U.S. troops to fight in Philippines
New York Times
WASHINGTON, D.C. -- The United States will send nearly 2,000 troops to the Philippines in the next few weeks to fight Muslim extremists in the southern part of the country, opening a new front in the fight against terrorism, Pentagon officials said Thursday.
A six-month training mission in the Philippines last year limited 1,300 U.S. troops, including 160 special forces soldiers, to an advisory role. But this mission will be a combat operation with no such restrictions on U.S. and Philippine troops serving side by side, military officials said.
Under the plan, about 750 ground troops, including 350 special operations forces, will conduct or support combat patrols in the jungles of Sulu Province. In addition, about 1,000 Marines, supported by Cobra attack helicopters and Harrier AV-8B attack planes, will stand ready aboard two ships offshore to act as a quick-response force and provide logistics and medical support. The first troops are expected to arrive within days, officials said. Maj. Gen. Joseph Weber, commander of the Third Marine Division, will lead the U.S. force.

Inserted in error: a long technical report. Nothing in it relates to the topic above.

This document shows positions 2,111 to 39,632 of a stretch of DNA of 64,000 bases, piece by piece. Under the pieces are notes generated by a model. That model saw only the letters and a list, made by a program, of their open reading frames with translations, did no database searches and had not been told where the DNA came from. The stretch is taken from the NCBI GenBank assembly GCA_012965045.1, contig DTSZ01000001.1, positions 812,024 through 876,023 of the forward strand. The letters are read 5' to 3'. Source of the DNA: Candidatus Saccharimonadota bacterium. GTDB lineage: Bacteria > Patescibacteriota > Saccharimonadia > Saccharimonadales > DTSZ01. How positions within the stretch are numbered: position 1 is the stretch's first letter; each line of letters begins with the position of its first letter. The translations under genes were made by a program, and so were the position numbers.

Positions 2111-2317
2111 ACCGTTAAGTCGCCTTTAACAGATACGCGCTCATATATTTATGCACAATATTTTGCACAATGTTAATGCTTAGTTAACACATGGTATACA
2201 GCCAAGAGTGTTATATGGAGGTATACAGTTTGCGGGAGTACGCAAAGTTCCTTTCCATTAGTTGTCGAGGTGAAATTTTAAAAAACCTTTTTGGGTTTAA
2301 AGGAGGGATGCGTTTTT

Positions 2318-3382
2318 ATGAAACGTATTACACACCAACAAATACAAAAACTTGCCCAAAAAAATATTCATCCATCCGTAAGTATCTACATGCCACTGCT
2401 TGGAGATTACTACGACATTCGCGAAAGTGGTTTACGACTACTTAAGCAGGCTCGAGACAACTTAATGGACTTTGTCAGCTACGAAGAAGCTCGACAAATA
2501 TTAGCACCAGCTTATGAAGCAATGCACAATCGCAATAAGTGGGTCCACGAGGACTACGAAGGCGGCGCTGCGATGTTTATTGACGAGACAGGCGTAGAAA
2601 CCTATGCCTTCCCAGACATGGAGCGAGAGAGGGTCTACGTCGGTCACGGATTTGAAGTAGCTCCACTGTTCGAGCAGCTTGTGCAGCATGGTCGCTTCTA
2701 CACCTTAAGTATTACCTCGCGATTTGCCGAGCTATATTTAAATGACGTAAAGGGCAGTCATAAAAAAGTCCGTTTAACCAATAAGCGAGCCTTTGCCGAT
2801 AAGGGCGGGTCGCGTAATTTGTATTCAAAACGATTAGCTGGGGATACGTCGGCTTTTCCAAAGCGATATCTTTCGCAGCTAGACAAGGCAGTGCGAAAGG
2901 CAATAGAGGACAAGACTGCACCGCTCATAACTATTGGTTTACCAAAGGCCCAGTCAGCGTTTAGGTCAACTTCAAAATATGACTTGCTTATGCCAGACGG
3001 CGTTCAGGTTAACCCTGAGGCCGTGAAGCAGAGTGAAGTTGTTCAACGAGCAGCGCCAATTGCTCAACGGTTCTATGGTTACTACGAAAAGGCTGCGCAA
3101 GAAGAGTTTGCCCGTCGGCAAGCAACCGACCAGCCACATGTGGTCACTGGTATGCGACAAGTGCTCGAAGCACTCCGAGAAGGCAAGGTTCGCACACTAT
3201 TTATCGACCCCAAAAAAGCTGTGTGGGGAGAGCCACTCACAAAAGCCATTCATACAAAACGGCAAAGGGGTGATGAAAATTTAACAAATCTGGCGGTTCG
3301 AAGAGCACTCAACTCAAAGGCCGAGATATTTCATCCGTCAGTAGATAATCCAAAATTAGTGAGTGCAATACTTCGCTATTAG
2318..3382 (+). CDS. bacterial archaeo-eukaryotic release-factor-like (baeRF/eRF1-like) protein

The operation will last as long as necessary "to disrupt and destroy" the estimated 250 members of the extremist group Abu Sayyaf, one official said.
Philippine and U.S. officials said they agreed to begin the joint offensive now for several reasons. Negotiations between the countries have been on-going for months, but Abu Sayyaf's repeated attacks and the bombing death of an American Green Beret last November spurred Philippine President Gloria Macapagal-Arroyo and Defense Secretary Donald Rumsfeld to work out an aggressive plan.
Dispatching U.S. commandos to the southern Philippines comes at a convenient moment for Pentagon officials, who have sought to show that the U.S. military can fight a war with Iraq and still carry out a global hunt for terrorists.
Arroyo has walked a political tightrope at home on the sensitive issue of welcoming U.S. military help to defeat a deadly foe.
The Philippine constitution prohibits foreign troops from carrying out unilateral combat missions, but U.S. forces will technically play a supporting role in the Philippine-led operation, a distinction that may allow Arroyo and her supporters to skirt the legal issue. "It's something they will have to finesse," a senior U.S. official said.
The combat operation, which goes well beyond an ongoing set of training missions, reflects the Pentagon's growing concern that militant Islamic networks pose an increasing threat to Americans and U.S. interests in Southeast Asia.
"The Philippines have a terrorist problem and we have offered our assistance," a senior Pentagon official said Thursday. "Over time, that assistance takes different shapes and forms. The Philippines have invited us to expand our role with them."